Book Review: THE KEY TO FINDING JACK by Ewa Jozefkowicz (Middle Grade Monday)

I received a review copy of the book in exchange for an honest review ahead of a book tour for the book.

Genre: Mystery/contemporary
Age Range: MG
Star Rating: 4 stars
Series: Standalone


Title in white on a jungle above a girl next to a treasure chest of books

Flick’s big brother, Jack, goes missing in Peru and she is desperate to find him. But can she solve the greatest mystery of all: who Jack really is?

Twelve-year-old Flick adores Jack and loves solving puzzles with him. But Jack is soon to flee the family nest and Flick worries she’ll lose her partner in crime. Dad wants Jack to take his future more seriously, but Flick doesn’t want her prankster brother ever to change. During his gap year in Peru, tragedy strikes when an earthquake devastates the region and no one knows what has happened to Jack. Flick and her family are thrown into the horrible unknown.

Soon afterwards, she is bewildered to find a key on a fine gold chain and a note with the initials SF in his room and clings to the hope that SF (whoever that is) might hold the clue to finding her brother. When she sets out to uncover the identity of its owner, she meets new friends, rekindles a special relationship and discovers a whole new side to Jack. Intriguing clues from a legend about Inca gold, to a key with magical powers, help her along the way.

Synopsis taken from Goodreads. Add to your shelves here.


THE KEY TO FINDING JACK is such a fun mystery-cum-contemporary that I devoured in one day. It’s such a readable book, with an engrossing, emotional tale. I wanted to know that he was safe, knowing just how hard it can be to contact loved ones when you are abroad and out of signal range.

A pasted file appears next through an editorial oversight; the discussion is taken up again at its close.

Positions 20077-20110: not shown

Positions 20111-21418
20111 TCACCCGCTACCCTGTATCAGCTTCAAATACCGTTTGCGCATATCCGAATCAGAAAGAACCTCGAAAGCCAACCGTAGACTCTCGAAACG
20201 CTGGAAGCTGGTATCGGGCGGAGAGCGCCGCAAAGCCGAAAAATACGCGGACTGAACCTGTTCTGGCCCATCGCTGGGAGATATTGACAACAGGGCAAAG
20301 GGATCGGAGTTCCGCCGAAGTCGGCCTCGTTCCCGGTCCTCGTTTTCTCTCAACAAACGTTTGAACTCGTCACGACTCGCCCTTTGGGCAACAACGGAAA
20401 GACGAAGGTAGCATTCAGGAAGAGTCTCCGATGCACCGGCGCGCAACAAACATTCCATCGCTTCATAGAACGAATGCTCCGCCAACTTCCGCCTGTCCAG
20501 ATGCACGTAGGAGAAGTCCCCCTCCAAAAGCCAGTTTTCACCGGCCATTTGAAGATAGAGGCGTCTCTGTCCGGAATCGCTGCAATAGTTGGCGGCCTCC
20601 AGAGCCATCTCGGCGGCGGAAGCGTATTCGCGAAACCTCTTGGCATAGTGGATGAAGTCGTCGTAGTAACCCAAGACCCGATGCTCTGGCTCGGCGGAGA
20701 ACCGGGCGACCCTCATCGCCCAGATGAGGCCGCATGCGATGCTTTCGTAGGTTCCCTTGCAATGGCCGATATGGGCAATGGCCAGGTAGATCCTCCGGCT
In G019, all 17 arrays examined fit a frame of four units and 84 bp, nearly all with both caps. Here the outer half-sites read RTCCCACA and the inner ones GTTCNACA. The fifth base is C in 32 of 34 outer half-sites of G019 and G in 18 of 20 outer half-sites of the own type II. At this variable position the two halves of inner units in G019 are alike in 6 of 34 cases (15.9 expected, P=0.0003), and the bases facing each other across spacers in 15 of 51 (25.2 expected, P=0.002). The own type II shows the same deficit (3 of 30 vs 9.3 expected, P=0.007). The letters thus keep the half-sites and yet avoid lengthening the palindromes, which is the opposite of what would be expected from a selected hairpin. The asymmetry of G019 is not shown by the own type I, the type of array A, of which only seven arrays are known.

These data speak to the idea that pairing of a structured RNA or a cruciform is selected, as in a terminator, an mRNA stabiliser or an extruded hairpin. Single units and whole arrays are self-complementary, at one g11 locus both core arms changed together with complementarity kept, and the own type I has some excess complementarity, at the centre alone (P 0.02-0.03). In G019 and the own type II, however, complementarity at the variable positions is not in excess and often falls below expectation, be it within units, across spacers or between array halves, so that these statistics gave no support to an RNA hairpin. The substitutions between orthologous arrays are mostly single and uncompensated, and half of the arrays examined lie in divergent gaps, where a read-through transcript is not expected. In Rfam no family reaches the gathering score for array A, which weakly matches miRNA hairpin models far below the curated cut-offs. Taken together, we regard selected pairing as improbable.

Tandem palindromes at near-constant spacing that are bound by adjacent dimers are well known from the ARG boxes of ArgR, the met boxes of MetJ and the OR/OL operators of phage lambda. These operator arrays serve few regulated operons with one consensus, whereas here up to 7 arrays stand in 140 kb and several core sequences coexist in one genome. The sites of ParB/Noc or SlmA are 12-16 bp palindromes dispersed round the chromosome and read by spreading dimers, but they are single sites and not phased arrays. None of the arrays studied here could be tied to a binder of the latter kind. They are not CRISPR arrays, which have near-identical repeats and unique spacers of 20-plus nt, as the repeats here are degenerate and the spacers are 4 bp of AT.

On the one hand, it’s about a girl desperate to find her brother after he goes missing, following clues taken from conversations with others, very much like a missing-persons mystery. On the other, Flick discovers her beloved brother is more complicated (in a good way) than she ever imagined, realising people have many faces and we often can only see the ones we want.

I liked how this element of finding there was more to her brother set is apart from a typical mystery. There is no killer or thief, just a person to shine more light onto. It gives it such heart, as it’s such a personal reason with a chance of a hopeful, joyous ending. Bringing a killer to justice can’t give you that, but THE KEY TO FINDING JACK is a heartwarming tale of the persistent love of siblings.

Alongside this, we also read Flick’s own attempts at writing a mystery story, with snippets of the story that mirror her own search. Her story was such a great way of showing how much the search had affected her whole life, as well as giving her a way to process her emotions.

Alongside Flick’s search, and this story-within-a-story, Ewa Josefkowicz somehow also manages to fit in glimpse of starting school, making friends, and the pressure of expectation. All within such a slim volume! It really is impressive how much is between the pages.

Read my reviews of other books by Ewa Jozefkowicz:


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